Waterproof Jackets | Buyers' Guide
All the information you need to help you choose the right waterproof jacket for walking, scrambling, climbing or mountaineering.
There's overwhelming choice of waterproof jackets out there, all of them claiming to keep you dry and comfortable in the outdoors, but how do you choose between them? We've picked out some of the most important features to look for to help you make a decision.
If you want specific reviews of waterproof jackets check out our round-ups of the Best Waterproof Shells 2017 and Best Waterproof Shells 2016 and browse the Waterproof Jackets Reviews section of the site for individual jacket tests.
Areas to be aware of include construction - is it waterproof - fabrics, fit and cut, hood design, and construction and features like pockets, zips and adjustment. Make the right choice and you can head out confidently into the worst weather, modern outdoors waterproofs are generally well-made and effective.
How Much To Spend?
You can, if you choose to, spend more than £500 on a technical waterproof shell. Or you can spend as little as £50 or less. So what's the difference? In really basic terms, spending more money buys you a better fabric - maybe no more waterproof, but less sweaty and more comfortable.
It should also buy you better, more robust construction, things like reinforced wear areas, hidden stitching and so on. You'll also get more useful, outdoors-orientated features. A pocket that fits a map perhaps, vents to use on the move to help keep you cool. A more protective hood with better adjustment.
And when you get into serious mountain jackets, you're looking at adjusters and fasteners that can be used with thick gloves, a cut that's trim, but doesn't restrict movement when, say, reaching up for a hold when climbing and hoods that will also fit over a climbing helmet.
We'd say, in very rough terms, you should look at spending at least £100 on a decent outdoors waterproof, nearer to £200 for a mountain jacket, and the sky's the limit if you want a full-on technical mountaineering shell.
And while it's not as simply as getting what you pay for, well-made, well-designed waterproof jackets using top fabrics aren't cheap for very good reasons.
Invest in a waterproof jacket from a specialist outdoors brand and it should be properly waterproof and windproof. There are three main elements that contribute here. The first is the fabric, which should have been developed to keep water out full stop.
'The dirty secret of shell clothing is that in really bad weather, water will eventually run down your neck'
Lab tests show that some waterproofs are counter-intuitively, 'more waterproof' than others, but if a jacket is sold as waterproof it shouldn't leak full stop. The second part of the equation is construction and particularly 'taped seams'.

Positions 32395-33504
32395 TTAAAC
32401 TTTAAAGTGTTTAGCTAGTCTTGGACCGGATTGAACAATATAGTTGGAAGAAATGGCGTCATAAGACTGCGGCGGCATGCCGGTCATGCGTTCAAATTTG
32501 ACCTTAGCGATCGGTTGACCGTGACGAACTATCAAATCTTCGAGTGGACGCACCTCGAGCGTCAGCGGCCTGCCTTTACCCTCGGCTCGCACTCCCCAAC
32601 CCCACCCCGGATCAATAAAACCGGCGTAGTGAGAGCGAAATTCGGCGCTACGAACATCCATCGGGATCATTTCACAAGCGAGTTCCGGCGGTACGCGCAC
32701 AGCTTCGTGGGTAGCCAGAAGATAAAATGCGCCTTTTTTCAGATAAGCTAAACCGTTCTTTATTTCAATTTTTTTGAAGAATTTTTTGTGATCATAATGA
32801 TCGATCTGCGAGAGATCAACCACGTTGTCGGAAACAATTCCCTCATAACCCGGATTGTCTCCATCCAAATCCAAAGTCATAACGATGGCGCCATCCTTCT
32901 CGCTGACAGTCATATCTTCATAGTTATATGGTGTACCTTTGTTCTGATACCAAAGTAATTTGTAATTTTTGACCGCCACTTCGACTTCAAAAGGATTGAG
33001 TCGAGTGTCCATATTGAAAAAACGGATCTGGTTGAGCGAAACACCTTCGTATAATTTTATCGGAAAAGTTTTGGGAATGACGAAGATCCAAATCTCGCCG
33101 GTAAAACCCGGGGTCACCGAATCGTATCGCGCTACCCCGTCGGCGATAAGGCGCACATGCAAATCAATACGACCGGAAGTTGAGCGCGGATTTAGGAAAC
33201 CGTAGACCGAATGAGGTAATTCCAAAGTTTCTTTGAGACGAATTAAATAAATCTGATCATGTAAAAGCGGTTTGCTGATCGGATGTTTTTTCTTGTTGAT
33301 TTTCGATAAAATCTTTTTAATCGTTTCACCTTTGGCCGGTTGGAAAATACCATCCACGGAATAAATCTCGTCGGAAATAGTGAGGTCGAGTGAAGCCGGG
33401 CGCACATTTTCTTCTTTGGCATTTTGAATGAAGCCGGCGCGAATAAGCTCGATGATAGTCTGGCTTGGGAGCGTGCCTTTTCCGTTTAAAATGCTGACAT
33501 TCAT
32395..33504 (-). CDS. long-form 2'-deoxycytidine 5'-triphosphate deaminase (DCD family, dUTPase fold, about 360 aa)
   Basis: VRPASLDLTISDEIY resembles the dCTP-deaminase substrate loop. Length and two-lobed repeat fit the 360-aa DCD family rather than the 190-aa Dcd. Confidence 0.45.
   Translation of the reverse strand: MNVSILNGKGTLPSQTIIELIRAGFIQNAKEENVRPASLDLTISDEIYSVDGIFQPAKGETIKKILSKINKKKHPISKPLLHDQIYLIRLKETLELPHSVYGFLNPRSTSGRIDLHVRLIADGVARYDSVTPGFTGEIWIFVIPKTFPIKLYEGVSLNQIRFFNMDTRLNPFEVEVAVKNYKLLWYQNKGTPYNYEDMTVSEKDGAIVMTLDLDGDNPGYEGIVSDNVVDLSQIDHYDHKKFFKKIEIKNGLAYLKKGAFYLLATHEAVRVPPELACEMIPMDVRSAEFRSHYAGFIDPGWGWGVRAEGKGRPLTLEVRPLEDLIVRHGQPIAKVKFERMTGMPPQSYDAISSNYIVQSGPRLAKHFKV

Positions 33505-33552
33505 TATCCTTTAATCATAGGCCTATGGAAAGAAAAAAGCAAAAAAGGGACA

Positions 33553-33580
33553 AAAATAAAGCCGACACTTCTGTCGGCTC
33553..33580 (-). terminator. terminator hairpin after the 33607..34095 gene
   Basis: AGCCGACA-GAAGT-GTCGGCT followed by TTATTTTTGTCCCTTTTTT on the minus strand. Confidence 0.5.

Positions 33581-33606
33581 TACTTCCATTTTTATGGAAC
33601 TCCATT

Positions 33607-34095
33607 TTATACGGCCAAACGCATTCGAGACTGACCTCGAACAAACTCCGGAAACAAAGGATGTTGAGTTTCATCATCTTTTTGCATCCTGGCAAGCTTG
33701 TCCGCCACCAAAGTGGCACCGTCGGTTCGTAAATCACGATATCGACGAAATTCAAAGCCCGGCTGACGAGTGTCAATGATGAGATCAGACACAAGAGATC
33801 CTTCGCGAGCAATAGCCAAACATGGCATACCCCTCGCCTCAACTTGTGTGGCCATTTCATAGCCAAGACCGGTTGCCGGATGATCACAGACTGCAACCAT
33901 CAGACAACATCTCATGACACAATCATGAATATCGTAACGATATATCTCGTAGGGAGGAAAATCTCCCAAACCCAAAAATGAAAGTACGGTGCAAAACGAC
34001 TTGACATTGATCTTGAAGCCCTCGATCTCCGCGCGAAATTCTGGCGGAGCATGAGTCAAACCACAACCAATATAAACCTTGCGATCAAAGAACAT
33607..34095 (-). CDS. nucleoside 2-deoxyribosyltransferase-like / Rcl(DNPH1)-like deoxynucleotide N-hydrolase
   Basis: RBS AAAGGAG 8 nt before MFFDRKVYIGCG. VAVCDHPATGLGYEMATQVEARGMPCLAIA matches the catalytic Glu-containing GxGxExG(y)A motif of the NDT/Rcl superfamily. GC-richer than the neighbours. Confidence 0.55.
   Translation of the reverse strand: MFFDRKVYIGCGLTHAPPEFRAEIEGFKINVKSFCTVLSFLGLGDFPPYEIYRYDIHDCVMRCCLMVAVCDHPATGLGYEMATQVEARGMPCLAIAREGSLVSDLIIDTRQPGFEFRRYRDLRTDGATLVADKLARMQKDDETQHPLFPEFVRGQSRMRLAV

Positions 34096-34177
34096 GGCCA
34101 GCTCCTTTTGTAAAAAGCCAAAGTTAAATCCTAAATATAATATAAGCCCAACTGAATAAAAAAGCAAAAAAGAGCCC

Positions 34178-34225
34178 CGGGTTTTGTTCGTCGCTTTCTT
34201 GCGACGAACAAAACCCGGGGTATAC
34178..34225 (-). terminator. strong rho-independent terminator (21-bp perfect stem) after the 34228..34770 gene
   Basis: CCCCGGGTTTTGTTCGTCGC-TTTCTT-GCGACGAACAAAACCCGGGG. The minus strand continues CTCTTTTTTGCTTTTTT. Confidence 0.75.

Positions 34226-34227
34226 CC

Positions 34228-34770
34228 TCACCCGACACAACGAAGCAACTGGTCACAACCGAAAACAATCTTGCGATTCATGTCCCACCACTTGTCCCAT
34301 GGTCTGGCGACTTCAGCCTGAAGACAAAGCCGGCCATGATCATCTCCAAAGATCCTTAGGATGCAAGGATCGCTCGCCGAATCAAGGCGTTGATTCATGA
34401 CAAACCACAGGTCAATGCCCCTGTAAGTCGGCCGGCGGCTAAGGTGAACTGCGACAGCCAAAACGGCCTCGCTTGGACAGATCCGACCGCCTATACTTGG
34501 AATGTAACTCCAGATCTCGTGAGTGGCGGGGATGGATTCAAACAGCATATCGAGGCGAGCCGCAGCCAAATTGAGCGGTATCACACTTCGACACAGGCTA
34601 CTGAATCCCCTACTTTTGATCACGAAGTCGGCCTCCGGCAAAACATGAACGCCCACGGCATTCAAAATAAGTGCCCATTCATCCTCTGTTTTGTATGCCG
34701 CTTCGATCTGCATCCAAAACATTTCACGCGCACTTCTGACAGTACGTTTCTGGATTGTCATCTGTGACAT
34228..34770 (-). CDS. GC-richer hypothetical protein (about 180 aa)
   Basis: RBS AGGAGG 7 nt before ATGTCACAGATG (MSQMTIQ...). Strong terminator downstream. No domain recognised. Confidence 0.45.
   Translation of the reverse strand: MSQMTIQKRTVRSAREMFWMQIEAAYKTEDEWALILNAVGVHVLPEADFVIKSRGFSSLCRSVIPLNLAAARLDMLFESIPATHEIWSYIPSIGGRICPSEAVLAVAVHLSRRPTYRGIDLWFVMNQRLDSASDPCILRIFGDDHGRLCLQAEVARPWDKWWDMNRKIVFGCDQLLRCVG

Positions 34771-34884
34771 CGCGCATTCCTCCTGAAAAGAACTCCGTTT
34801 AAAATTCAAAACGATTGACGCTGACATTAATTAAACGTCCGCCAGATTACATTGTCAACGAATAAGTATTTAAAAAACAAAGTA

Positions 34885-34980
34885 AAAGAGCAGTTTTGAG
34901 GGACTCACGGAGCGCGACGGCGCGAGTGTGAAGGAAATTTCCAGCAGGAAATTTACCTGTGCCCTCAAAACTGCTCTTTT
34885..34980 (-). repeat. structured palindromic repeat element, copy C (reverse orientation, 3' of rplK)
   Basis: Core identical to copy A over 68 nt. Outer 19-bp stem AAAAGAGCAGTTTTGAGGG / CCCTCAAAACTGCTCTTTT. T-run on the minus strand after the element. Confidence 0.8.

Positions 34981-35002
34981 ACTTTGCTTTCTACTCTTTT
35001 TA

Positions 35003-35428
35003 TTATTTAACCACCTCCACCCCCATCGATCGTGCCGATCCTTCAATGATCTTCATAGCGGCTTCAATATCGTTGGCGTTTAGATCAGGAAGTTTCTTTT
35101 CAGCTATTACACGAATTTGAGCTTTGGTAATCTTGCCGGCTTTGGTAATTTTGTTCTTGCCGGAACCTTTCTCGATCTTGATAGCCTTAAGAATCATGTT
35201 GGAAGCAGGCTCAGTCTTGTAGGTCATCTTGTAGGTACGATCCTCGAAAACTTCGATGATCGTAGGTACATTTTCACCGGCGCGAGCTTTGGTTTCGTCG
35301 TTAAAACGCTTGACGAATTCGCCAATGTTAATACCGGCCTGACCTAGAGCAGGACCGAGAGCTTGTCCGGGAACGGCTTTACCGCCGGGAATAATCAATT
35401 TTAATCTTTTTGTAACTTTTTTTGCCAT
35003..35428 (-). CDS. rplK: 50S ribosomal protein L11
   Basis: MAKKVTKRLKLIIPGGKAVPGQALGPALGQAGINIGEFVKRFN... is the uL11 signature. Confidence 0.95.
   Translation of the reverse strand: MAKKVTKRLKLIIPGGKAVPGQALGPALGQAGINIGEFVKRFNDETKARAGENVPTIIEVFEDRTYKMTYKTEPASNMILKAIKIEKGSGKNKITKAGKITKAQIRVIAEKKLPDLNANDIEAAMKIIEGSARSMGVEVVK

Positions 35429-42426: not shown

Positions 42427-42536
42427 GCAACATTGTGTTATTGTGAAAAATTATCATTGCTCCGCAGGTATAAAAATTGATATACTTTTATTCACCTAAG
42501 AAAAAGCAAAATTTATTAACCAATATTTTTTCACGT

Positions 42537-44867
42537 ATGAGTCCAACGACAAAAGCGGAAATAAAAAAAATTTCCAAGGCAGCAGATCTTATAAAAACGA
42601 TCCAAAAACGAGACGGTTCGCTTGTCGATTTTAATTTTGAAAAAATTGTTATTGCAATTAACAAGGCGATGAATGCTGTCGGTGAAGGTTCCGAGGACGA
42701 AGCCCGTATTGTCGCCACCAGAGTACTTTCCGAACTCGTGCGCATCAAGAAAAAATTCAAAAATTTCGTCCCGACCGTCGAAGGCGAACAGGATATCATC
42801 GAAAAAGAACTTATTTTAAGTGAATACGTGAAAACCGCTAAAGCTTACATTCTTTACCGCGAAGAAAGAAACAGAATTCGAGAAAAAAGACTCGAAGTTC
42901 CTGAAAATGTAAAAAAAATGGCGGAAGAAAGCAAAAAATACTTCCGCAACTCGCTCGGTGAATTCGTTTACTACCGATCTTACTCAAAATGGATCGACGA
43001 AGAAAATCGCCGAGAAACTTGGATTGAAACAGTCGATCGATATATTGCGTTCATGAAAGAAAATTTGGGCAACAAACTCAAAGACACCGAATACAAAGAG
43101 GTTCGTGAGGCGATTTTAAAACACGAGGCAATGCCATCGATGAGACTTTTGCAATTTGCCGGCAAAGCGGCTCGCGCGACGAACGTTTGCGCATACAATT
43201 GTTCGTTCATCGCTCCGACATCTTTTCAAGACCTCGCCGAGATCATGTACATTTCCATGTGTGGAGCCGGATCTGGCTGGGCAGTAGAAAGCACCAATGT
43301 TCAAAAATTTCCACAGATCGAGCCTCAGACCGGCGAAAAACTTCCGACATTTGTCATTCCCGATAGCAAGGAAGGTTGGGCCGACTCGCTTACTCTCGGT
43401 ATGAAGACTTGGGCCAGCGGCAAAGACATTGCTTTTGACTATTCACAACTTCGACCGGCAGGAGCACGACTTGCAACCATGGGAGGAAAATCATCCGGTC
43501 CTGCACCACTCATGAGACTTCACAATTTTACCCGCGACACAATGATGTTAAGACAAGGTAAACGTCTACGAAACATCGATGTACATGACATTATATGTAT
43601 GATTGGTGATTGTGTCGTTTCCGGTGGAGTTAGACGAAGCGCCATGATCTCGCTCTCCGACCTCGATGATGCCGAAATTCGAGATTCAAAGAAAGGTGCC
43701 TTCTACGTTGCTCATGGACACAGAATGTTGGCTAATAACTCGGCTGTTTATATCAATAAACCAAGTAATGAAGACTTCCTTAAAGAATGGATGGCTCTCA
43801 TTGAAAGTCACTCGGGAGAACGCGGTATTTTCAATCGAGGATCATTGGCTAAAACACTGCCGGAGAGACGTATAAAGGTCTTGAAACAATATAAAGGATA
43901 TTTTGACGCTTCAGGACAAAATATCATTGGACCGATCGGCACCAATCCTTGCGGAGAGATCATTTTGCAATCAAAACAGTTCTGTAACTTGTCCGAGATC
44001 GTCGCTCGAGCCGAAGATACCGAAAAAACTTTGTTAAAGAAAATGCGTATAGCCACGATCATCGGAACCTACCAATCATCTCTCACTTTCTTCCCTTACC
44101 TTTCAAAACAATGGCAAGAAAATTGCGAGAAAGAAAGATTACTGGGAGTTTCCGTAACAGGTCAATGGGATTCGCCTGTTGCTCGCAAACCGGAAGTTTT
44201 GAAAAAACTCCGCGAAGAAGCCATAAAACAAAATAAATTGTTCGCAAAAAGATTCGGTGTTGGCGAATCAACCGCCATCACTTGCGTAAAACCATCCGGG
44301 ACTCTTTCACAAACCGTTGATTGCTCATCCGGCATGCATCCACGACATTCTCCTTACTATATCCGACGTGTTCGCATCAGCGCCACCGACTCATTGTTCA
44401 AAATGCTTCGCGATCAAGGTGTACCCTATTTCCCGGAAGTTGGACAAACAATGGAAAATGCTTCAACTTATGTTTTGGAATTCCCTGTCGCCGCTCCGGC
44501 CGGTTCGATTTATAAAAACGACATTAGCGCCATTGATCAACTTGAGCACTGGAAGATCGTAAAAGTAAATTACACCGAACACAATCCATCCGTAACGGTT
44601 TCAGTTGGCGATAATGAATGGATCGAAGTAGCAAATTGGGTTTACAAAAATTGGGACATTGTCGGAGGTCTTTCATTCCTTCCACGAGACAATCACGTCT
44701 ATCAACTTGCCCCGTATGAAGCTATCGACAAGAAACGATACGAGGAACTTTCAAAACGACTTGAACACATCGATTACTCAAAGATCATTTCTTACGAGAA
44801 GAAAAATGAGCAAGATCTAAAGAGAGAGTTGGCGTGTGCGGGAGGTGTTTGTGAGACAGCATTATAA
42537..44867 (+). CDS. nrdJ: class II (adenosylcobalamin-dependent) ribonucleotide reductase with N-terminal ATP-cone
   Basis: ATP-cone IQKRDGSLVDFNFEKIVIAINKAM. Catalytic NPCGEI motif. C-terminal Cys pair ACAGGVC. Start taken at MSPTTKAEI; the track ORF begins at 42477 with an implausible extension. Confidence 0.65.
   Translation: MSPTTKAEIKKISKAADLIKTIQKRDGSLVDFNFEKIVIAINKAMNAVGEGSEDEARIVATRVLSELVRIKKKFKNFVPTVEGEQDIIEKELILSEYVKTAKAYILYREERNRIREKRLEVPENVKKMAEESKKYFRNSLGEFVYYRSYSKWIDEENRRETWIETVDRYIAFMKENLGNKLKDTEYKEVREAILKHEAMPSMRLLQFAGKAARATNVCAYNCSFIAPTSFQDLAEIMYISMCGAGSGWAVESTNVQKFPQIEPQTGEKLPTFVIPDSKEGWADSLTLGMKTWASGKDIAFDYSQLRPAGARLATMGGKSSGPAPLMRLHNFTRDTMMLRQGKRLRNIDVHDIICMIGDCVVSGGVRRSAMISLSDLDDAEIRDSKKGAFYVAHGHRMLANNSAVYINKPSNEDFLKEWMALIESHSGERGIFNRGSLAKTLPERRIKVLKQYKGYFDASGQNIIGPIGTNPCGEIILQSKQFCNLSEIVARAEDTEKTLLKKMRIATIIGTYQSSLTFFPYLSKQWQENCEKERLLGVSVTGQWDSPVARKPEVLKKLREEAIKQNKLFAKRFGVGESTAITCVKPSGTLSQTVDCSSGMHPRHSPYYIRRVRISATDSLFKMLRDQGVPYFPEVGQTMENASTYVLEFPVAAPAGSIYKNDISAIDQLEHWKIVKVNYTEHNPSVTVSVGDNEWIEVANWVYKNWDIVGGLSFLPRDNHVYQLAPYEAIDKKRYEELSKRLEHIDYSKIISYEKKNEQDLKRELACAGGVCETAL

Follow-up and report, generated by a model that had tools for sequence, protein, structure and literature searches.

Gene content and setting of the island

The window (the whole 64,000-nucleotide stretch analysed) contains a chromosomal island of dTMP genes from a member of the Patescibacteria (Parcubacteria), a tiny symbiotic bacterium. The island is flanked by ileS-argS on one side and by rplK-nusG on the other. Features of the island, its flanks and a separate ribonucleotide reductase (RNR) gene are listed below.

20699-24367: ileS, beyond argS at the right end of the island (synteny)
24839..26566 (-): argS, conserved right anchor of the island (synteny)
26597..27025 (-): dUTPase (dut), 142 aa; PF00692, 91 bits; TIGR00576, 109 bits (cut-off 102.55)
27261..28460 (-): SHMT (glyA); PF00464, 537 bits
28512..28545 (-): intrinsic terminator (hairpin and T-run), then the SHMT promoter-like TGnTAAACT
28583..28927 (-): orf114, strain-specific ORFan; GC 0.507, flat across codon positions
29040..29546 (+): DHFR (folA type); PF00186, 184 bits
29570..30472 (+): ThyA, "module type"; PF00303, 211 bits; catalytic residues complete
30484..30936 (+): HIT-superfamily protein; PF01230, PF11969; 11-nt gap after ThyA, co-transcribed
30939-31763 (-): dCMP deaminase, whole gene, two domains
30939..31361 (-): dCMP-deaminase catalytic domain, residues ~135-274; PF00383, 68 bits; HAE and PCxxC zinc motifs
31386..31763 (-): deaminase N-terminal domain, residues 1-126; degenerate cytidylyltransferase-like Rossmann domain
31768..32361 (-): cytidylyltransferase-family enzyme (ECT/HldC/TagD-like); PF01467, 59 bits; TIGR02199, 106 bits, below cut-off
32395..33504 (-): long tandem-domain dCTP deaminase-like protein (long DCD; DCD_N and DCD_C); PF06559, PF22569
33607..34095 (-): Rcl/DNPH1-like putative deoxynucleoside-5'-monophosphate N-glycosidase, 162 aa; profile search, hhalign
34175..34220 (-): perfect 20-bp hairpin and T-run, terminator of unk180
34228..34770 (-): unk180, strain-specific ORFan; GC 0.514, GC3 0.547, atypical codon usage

This means that stitch-lines and seams are internally covered with a waterproof sealing tape to prevent water leaking in past the stitches. All waterproof jackets should be fully taped. If it's not taped, chances are that it's not waterproof.
Finally design also contributes. The dirty secret of shell clothing is that in really bad weather, water will eventually run down your neck - a Buff or similar neck gaiter helps with this - but features like storm-flaps behind zips and the right choice of components all help keep most of the water water out.
Waterproof fabrics are a big part of outdoor waterproofs and a lot of development has gone into them, which is partly why specialist outdoor jackets are expensive. The good news is that own-brand fabrics are getting better and better, so choosing not to buy, say, a name-brand fabric doesn't mean you're necessarily compromising performance.
In general, the hotter you run the more important it is that you choose a fabric that's as breathable as possible. For 'breathable' read 'comfortable' when you get hot and sweaty. It'll clear the fug faster and, if you do get damp from perspiration, it'll dry out more quickly.
Don't expect miracles though, you will still sweat even in the most breathable waterproofs. Here's a quick check list of what's what.
There's more than one type of Gore-Tex depending on what it's intended for, what they have in common is a lot of development and a lifetime guarantee against leaks. 'Normal, just plain 'Gore-Tex' is for all-round and walking use. It's less breathable than some of the more specialist versions. For an example see the Sprayway Zeus.
Gore-Tex with C-Knit technology is a softer, quieter, more breathable version of standard Gore-Tex that's nicer to wear and predictably a little more expensive. The Arc'teryx Zeta LT is a premium sort of walking jacket using the fabric.
Gore-Tex Active is the brand's more breathable fast-moving, lightweight fabric. It tends to be used for running and biking jackets, but occasionally appears in lightweight mountaineering shells. Finally Gore-Tex Pro is the company's hardcore mountaineering fabric. It's light, tough and decently breathable and is used by numerous outdoors brands.
The only real downside is that it's quite noisy and crackly in use, though it does soften with wear. Our top choice expedition shell jacket the Berghaus Extrem 8000 Pro uses Pro as does the classic Mountain Equipment Lhotse all rounder.
One of the first challengers to the Gore-Tex domination of the quality waterproof market, eVent was launched using a similar but more breathable membrane technology. For several years it had a detectable edge on the breathability front, but Gore-Tex has gradually caught up.
It's still a decent fabric and well worth considering though it does need regular washing and re-proofing treatments to keep it working at its best. The main brand using eVent currently is Rab, for its top-end mountain jackets like the Latok and Latok Alpine.
Polartec's NeoShell is a relative newcomer, but if you run hot and sweaty, it's the number one choice. It's perceptibly more comfortable and breathable than other waterproof fabrics we've used and a favourite for that reason.
It also tends to have a soft, stretchy, quiet feel to it, which again makes it a little bit different. There are downsides though, it's not quite as tough as Gore-Tex Pro for example, like eVent it needs regular care to keep it happy and it's not as outright waterproof as some other materials in lab tests.